One of my greatest mentors is Deepak Chopra. I was introduced to him through my work in transformative technology and he has been an incredible friend and guide over the years in terms of my meditation practice, my business and my educational pursuits.
E7: Do you have a daily or regular ritual you practice that you love? What’s your favourite kind of self care?
LWS: Dancing! I recently came across a grade 6 school project in which I stated that I would become a dance teacher! That has unfortunately not happened, but it is still one of the only things that can make feel entirely present. I took formal dance classes for 11 years, participate in ecstatic dance workshops a few times a month and swing dance with my dad as often as possible! When I dance I feel as though time stops and I am fully immersed in the movement of my body, the music and my breath. I try to dance, at least in my apartment, every day.
I also love to take baths! There is just something so relaxing about being entirely submerged in warm water.
E7: Where do you go or what do you do for inspiration?
LWS: Nature is my greatest inspiration. I grew up spending a month in a tiny log cabin outside of Toronto with my parents and brother. We did not have a television or cellphones at the time, so I spent a lot of time alone in the forest, playing imaginary games, or in the lake swimming. I really believe that this time of connection to something greater than myself… the vastness of nature and the opportunity to just be quiet and to reflect was immensely impactful in terms of the woman I have become. When I am in need of inspiration today, I will go for walks in Riverside Park here in New York, I will sit and meditate in the sunshine, or find my way to a cabin outside of the city.
I also love music. I have been a musician since I was 13 and so I often go see live shows for inspiration. New York is definitely the best place for that!
E7: Who is The Get Together’s ideal participant and why should they try out The Get Together?
LWS: The Get Together welcomes anyone who identifies as a woman. One of the main hopes for The Get Together is that we have a diverse range of perspectives, lived experiences, ages and ethnicities because we want to foster a space for deep connection, to break down barriers that exist between women. We are offering so much, from live music, to knowledge exchange, incredible dining experiences, movement practices (including yoga and dance), the opportunity to be in nature, receive wellness treatments, and share with others your passion through wisdomsharing! Because of this, I believe that The Get Together will appeal to a wide variety of people. I would say however, that the wisdomsharing component will likely speak to someone who has a passion project or “side-hustle” that they want to share with the world, but need a platform to do so. We provide you with the people to test out your workshop or promote your business, to view your artwork, or a live performance. We want to help you develop your passion and create a space for you to be seen, heard and acknowledged in the complexities of who you are. To learn tangible skills, gain valuable knowledge and to build lasting relationships that grow into business partnerships, mentorships and life-long friendships.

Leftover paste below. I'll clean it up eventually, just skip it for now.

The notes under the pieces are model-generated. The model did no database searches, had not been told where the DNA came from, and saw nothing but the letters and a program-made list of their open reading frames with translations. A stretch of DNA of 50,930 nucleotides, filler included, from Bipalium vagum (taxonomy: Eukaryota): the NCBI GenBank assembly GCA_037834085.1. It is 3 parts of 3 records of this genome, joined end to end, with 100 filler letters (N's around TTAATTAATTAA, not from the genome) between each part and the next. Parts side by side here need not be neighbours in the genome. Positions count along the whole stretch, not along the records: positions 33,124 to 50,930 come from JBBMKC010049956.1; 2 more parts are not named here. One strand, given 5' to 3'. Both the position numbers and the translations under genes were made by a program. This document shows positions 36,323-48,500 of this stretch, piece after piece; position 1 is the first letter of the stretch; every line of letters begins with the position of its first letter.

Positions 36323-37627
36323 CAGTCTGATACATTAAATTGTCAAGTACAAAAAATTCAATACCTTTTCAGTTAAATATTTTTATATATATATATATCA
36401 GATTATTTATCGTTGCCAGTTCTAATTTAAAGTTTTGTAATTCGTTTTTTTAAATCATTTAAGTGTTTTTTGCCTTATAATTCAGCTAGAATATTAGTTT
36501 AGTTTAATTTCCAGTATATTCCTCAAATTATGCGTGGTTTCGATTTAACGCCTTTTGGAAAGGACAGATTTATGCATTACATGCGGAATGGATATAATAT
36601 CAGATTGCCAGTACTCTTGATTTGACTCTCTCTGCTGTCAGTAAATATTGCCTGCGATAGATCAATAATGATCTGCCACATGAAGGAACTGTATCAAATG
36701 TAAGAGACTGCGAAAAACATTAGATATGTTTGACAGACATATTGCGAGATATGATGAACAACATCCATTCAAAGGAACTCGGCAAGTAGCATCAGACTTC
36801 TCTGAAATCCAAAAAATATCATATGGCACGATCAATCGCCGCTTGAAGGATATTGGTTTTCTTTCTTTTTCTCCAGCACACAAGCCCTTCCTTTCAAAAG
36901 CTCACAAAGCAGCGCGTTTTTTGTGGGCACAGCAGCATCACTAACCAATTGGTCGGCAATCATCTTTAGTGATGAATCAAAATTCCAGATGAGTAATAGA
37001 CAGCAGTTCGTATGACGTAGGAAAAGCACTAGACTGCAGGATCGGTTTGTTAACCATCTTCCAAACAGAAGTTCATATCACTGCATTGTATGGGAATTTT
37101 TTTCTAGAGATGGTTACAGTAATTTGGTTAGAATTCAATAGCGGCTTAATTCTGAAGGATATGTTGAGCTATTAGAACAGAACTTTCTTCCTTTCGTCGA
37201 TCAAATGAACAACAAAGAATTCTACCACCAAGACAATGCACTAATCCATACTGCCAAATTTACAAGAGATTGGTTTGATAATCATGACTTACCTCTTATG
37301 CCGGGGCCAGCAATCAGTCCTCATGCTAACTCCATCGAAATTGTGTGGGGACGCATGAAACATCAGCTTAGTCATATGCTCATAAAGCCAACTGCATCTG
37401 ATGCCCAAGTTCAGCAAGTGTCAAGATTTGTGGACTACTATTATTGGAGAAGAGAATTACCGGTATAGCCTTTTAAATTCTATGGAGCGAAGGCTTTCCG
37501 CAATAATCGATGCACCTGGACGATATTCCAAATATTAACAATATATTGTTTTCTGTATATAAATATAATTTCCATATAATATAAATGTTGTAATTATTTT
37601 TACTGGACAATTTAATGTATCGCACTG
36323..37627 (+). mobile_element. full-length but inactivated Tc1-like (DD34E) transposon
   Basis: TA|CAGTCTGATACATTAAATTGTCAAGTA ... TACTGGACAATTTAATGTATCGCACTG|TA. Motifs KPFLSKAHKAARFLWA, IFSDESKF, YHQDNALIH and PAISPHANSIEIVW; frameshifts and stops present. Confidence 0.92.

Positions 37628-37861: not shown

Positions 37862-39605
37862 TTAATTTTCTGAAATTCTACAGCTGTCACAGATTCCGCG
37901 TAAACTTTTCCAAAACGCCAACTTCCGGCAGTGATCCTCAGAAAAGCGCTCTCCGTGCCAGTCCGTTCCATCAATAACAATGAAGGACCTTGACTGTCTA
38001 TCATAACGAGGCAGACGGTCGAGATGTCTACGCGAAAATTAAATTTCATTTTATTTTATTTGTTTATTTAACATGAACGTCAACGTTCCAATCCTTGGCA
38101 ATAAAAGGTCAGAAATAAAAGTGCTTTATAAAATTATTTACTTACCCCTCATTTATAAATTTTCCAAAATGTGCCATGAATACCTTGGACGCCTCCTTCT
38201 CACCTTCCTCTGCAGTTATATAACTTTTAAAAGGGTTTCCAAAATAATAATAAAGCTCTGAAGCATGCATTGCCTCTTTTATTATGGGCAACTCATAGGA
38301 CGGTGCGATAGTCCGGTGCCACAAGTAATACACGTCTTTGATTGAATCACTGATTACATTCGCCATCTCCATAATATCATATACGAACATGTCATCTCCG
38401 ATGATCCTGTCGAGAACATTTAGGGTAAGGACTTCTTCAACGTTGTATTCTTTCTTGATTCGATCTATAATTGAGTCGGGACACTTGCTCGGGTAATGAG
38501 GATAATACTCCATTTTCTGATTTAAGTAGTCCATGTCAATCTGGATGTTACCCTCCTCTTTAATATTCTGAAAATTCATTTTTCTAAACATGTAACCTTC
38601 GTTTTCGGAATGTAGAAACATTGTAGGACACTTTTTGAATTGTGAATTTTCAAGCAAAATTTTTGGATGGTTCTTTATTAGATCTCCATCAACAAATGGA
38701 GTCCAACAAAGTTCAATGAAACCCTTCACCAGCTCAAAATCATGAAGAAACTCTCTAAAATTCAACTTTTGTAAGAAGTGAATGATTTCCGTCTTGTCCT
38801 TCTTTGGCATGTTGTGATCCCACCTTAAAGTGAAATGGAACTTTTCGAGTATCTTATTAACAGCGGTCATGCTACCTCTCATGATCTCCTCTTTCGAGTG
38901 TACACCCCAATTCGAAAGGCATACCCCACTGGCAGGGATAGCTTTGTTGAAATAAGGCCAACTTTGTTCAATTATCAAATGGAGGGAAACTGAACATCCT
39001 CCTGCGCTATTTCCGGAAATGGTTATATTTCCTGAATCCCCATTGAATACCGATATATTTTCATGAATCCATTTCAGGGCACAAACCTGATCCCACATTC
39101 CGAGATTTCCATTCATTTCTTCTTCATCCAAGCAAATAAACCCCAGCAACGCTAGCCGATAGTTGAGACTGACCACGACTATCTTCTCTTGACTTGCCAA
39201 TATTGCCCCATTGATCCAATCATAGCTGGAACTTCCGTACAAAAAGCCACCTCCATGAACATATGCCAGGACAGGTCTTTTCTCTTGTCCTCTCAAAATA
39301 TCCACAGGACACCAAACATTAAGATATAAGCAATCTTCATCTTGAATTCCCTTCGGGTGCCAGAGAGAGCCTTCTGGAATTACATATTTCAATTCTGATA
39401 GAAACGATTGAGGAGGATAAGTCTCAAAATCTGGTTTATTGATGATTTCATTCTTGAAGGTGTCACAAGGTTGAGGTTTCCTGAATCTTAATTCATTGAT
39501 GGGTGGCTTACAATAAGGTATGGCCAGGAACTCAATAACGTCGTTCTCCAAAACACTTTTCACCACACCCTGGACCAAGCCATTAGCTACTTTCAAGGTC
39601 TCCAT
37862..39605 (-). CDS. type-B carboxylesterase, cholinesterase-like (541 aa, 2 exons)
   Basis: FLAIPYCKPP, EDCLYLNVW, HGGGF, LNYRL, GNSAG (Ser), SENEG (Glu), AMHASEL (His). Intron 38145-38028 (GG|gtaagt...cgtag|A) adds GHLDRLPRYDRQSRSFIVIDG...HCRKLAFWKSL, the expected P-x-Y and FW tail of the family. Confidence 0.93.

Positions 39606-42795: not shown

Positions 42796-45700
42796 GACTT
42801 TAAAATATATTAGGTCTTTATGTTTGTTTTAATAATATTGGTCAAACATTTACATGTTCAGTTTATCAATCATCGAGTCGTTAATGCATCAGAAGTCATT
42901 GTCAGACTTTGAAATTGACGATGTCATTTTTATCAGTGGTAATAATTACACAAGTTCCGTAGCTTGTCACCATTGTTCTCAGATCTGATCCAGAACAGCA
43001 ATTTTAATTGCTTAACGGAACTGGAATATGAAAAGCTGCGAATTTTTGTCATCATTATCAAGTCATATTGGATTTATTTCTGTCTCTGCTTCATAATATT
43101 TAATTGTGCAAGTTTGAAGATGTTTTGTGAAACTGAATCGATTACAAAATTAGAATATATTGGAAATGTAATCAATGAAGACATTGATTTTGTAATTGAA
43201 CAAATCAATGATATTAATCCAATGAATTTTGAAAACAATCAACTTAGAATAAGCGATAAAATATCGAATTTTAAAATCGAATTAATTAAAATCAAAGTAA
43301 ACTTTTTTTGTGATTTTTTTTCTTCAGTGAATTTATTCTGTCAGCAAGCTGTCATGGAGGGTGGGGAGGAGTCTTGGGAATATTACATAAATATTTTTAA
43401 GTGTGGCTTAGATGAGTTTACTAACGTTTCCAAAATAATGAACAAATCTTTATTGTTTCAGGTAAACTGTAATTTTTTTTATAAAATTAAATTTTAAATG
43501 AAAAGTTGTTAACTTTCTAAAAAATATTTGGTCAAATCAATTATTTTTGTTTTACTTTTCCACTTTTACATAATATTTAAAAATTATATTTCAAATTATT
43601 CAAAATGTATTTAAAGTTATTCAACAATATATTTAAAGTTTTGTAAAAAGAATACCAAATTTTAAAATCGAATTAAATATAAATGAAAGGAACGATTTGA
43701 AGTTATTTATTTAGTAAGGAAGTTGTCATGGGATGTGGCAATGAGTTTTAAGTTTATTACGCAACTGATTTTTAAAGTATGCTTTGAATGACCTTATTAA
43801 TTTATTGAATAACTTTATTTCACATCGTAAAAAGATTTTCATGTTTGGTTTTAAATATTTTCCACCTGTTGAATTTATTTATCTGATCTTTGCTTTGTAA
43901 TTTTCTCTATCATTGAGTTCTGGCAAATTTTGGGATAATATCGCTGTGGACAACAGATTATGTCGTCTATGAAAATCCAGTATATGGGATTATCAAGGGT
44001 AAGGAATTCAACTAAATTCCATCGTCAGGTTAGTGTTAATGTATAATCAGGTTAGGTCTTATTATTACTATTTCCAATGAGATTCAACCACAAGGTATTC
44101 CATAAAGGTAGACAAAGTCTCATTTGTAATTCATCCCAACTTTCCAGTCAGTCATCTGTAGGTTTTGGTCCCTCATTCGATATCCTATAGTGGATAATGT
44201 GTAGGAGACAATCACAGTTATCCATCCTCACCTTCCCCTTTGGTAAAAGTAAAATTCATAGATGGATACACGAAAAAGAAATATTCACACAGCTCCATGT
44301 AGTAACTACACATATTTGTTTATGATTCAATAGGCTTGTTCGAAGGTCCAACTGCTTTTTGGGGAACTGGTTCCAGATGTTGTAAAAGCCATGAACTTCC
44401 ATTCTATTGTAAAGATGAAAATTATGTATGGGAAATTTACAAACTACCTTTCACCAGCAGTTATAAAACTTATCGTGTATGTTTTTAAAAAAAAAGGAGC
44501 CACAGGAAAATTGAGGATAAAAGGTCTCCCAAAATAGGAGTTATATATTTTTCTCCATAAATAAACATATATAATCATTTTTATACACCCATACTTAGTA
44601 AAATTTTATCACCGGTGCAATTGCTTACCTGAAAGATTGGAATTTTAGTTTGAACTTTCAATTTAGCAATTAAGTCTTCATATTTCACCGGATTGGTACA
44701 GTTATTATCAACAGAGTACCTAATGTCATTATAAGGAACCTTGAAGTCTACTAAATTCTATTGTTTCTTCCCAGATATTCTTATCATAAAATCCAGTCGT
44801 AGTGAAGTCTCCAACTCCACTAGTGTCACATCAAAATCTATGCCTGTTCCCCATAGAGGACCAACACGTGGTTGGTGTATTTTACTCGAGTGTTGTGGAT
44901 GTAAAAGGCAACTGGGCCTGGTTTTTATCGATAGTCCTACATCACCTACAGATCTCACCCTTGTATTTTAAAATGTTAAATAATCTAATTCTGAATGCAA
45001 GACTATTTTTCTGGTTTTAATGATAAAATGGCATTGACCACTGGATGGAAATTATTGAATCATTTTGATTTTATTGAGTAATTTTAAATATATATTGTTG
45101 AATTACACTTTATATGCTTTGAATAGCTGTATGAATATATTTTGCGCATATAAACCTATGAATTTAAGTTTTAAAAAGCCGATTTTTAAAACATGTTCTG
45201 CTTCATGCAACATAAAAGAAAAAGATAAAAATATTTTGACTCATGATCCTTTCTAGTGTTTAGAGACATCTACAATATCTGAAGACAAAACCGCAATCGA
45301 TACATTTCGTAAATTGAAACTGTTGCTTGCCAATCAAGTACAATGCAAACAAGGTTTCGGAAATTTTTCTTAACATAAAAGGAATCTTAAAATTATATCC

E7: What are you most excited about at The Get Together?
LWS: Meeting everyone! I cannot wait to connect with all of the incredible women who attend this inaugural year and to build a badass community with all of you!
I am also excited to see, through the research study we hope to conduct at this year’s festival, if we can scientifically validate the hypothesis that wisdomsharing leads to the enhancement of self esteem and belonging based on self-report pre and post studies using the Rosenberg Self Esteem Scale and the General Belongingness Scale.
E7: What’s beyond The Get Together for you, in the future? After this, what’s next?
LWS: As I mentioned earlier, over the next few years we aim to grow The Get Together into the largest annual gathering of women across North America. We want to foster a community that honours the beauty in the diversity of definitions of ‘woman-ness’, so that together we can evolve – individually, collectively and globally. As a current Graduate student at Columbia University in Clinical Psychology, I also intend on conducting research, through The Get Together, so that we can actively contribute to the literature supporting meaning-making as a mechanism to enhance self-esteem and bolster belonging. Personally, I am considering furthering my education by apply for a PHD, but am deciding whether I would like to continue in the field of Clinical Psychology or to shift into Organizational Psychology as I love understanding group dynamics and working with organizations.
(Story contributed by Becca Lemire; Images courtesy of Claire Bourgeois and Amber Ellis)